In honor of Mother’s Day, I thought I would dedicate a brief post to my mom, who, for all intents and purposes, is really a superhero masquerading as a mom. Although I’m an adult and old enough to be a mom myself, I still need her; in fact, possibly more now than ever. And as a young adult with a chronic illnesses, autism, depression, and PTSD (to name just a few of my challenges), my mom has an overwhelmingly difficult task, yet she far exceeds any expectation or definition of a “mom” that I’ve encountered.
For someone who has such a easy time writing about quite a variety of topics, I always find it difficult to explicitly and effectively convey how much of “my everything” my mom is. I think that’s it though: she is so much more than just a wonderful mom. She’s a dependable friend, an informed counselor, a confidant, a cheerleader, an unwavering source of support, to name a few. Maybe her importance in all of these roles and all of the many other hats she wears for me is so influential and necessary is because she is, in many cases, “the” instead of “a” for these roles: a sole warrior on the “Amber team”, working tirelessly behind the scenes to support my needs and dreams. It may sound cliché, but outside of the dyad of Ben and me, my mom is my best friend and my support system no matter what storms I have to weather. I’m not an easy person to befriend, given my physical restrictions for health reasons and my social confusion and blindness. Given my pain and my problems, I’m certainly not a pleasant or positive person many times, and against all odds and every challenge, my mom persists. I have yet to reach a day where my mom throws in the towel on any one of those crucial and tremendously generous hats she will don for me. This dependability has taught me to trust in her unconditional love and just be honest and open about my worries, problems, and even my lofty goals. I used to deeply dread being the bearer of bad news or opening up about some of my issues because I wanted her to see me as successful and well-adjusted. That facade is long gone! When I reflect on what changed, I think it was my ability to have faith (after continued reinforcement through her consistent backing of my needs) that mom was going to love me and help me no matter what. This is the most priceless and important gift anyone in life can receive. No matter what battles I need to face, I feel confident that I have a dedicated teammate who will help me face the challenge, strategize a way to work through it, and ultimately defeat it.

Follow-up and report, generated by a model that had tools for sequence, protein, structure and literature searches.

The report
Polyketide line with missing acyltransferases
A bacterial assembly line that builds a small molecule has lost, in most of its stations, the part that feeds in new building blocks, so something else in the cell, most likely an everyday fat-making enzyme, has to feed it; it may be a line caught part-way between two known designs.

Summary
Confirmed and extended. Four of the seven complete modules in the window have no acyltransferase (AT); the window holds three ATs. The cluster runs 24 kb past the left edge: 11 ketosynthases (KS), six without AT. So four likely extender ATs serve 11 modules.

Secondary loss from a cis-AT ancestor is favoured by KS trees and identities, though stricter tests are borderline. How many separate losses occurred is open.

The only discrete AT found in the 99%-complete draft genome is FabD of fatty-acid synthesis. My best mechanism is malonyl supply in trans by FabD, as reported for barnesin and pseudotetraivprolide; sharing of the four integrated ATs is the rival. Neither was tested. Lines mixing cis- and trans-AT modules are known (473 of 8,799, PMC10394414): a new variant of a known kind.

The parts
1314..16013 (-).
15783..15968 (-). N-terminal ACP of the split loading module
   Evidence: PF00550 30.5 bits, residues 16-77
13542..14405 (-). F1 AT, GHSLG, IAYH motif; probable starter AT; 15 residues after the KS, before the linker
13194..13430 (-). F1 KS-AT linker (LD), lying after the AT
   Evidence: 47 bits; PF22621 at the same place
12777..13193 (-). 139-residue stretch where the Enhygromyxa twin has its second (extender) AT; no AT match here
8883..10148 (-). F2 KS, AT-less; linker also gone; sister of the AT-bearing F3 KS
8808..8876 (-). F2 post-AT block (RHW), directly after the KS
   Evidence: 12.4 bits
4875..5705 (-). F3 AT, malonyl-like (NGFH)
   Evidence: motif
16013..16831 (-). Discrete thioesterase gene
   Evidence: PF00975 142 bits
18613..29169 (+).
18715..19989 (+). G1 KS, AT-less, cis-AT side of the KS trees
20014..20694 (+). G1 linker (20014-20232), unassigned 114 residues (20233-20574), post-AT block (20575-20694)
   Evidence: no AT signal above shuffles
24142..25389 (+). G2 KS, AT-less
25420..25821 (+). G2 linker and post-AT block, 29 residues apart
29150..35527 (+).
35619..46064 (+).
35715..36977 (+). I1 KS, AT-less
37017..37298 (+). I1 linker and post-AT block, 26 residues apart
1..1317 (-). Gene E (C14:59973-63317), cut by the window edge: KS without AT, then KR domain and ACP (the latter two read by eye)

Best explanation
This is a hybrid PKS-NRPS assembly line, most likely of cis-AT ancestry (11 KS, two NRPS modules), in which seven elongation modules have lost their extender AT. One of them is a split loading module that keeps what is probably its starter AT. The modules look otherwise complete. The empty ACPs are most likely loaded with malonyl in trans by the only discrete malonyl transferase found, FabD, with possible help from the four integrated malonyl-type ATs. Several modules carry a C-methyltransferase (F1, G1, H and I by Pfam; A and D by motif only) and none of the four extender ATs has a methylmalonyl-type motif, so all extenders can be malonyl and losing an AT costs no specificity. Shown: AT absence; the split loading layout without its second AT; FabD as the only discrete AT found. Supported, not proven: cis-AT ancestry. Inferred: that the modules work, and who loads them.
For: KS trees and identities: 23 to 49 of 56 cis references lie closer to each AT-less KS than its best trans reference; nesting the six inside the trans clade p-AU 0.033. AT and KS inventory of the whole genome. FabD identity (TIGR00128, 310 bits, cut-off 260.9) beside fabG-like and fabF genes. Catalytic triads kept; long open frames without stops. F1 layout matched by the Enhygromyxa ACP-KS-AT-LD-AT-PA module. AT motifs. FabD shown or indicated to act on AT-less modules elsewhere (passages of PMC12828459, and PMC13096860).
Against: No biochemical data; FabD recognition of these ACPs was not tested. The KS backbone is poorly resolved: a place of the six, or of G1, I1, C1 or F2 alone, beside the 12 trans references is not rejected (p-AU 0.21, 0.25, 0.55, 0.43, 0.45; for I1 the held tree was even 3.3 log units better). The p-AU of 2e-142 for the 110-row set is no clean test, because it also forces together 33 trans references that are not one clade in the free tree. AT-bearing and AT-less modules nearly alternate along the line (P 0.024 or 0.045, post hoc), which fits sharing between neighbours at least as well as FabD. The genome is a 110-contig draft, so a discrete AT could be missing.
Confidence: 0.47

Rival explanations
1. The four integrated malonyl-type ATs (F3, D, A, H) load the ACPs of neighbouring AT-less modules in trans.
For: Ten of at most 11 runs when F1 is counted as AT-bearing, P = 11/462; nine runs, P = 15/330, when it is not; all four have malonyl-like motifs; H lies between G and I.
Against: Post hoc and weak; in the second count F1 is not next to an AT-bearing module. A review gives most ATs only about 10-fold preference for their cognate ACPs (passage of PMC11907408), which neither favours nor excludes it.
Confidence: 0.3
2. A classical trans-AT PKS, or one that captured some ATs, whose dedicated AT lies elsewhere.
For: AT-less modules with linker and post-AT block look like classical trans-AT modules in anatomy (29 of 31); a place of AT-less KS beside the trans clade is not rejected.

My mom carries a tremendous amount of wisdom, knowledge, patience, and dedication to learning about my problems and conditions so that she can both understand me and help me understand myself so that I am more comfortable and better off. Again, this is one of the most selfless and generous gifts I could possibly receive. My mom gives me her time, concern, compassion, and her strength when I don’t have enough of my own. Her unwavering support and love have stripped away some of the anxiety and guilt that I tend to innately bear for being “different” and “difficult.”
Perhaps equally important is how honored and special I feel that my mom allows me to be one of her best friends. She is open and honest with me and entrusts me with her own fears, pains, and emotions. As someone who has very few friends, this reciprocity in conversation and support makes me feel valued, respected, and purposeful.
I hope, for both of our sakes, that this year will be smoother, with fewer challenges and more clarity, comfort, success, and happiness. At the same time, I feel blessed that I can rely on my mom’s support in whatever way I need it and reciprocate this to the best of my ability, though we better not be evaluated on the same rubric because I’m more than a few paces behind her!
To my mom on this Mother’s Day (and every other day): Thank you for being everything I need on any given day and seamlessly shapeshifting to fill that need. I used to make you plaques and awards for Mother’s Day that read: World’s Greatest Mom, but as I’ve grown up I’ve found this to be a significant understatement. You are by far more than the best mom ever; you’re the best everything-I-need-you-to-be ever.